16 December 2019

During a routine inspection

About the service

Wymondley Nursing Home is a purpose-built residential care home providing personal care to 53 people at the time of the inspection. The service can support up to 59 people.

People’s experience of using this service and what we found

People and relatives were happy with the care and support they received. Staff were friendly and attentive to people’s needs. People and their relatives told us there were enough staff to meet people’s needs. Staff were trained and felt supported.

People felt safe and staff were aware of how to promote people’s safety. Regular checks were in place to ensure staff worked in accordance with training and health and safety guidance was adhered to.

The environment had plenty of communal space for people to enjoy. Some people enjoyed the activities that were provided, others felt they needed to be improved. There was work in progress to address this.

People were supported to have maximum choice and control of their lives and staff supported them in the least restrictive way possible and in their best interests; the policies and systems in the service supported this practice.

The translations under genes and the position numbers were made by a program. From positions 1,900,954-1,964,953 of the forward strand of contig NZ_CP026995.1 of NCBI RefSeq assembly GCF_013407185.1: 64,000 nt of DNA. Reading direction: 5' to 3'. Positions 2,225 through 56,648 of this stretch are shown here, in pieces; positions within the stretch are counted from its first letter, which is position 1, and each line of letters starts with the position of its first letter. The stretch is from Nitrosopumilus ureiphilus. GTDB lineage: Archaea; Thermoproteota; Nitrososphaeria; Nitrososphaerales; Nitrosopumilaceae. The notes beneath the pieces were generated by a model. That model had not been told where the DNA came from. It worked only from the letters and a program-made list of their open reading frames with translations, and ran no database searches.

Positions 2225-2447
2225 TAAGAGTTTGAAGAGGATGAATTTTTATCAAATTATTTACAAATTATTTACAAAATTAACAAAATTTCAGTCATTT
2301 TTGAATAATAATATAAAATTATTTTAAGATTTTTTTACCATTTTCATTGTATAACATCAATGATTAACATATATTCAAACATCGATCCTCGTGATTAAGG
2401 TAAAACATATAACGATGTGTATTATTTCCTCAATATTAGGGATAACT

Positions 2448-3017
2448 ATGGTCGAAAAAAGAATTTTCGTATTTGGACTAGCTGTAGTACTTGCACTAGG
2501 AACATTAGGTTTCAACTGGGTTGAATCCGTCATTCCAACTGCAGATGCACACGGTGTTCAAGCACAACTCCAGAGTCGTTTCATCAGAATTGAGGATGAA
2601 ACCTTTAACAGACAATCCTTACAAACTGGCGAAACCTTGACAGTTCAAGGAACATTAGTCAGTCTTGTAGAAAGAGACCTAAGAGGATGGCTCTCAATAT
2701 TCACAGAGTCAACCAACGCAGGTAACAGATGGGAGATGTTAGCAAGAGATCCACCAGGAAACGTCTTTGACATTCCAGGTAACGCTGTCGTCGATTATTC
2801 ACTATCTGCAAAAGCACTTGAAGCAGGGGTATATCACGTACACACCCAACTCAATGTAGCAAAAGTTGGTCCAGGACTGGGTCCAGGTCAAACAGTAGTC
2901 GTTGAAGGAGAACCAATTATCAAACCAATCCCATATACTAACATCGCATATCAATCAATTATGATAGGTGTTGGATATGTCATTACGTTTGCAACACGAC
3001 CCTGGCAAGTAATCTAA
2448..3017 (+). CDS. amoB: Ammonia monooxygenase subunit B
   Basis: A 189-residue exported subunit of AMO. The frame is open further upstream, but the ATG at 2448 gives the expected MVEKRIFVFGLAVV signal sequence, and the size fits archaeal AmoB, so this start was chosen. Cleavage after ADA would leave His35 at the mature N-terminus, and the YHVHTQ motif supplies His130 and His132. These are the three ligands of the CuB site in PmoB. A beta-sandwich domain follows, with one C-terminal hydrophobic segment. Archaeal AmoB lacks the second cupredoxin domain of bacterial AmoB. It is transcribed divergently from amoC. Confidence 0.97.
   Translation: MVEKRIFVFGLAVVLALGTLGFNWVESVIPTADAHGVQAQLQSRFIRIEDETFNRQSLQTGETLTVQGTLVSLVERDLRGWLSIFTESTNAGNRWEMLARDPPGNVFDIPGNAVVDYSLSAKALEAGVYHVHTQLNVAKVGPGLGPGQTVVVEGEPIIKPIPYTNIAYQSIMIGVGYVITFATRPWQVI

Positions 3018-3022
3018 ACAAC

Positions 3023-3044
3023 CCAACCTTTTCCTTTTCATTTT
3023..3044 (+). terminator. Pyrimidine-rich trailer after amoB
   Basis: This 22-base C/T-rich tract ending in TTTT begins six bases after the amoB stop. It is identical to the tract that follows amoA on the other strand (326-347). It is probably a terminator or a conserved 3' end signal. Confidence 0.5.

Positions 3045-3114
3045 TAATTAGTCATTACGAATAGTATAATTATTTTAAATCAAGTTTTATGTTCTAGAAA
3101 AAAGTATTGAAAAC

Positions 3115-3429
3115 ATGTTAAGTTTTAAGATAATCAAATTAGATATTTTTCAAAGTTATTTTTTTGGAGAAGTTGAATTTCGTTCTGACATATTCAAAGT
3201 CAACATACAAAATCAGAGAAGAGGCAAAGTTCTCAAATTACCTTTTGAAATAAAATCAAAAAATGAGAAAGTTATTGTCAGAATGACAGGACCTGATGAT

People were involved in planning their care and they, along with their relatives, felt listened to. People had end of life care plans which helped to ensure they died with dignity, when needed. Complaints were responded to appropriately and people felt confident to make a complaint if needed. Feedback was sought through meetings and surveys.

In November 2018 the home was purchased by a new provider. People, relatives and staff were positive about the change and felt there had been improvements.

Feedback about the manager and staff team was positive. There was an open culture in the home and an expectation that people were supported in a person-centred way. Staff were clear about their roles and the management team engaged well with the team and other agencies.

For more details, please see the full report which is on the CQC website at www.cqc.org.uk

The last rating for this service was Good (published 29 June 2017). Since this rating was awarded the registered provider of the service has changed. We have used the previous rating to inform our planning and decisions about the rating at this inspection. At this inspection the service has remained rated as Good.

Why we inspected

This was a planned inspection based on the previous rating.

Follow up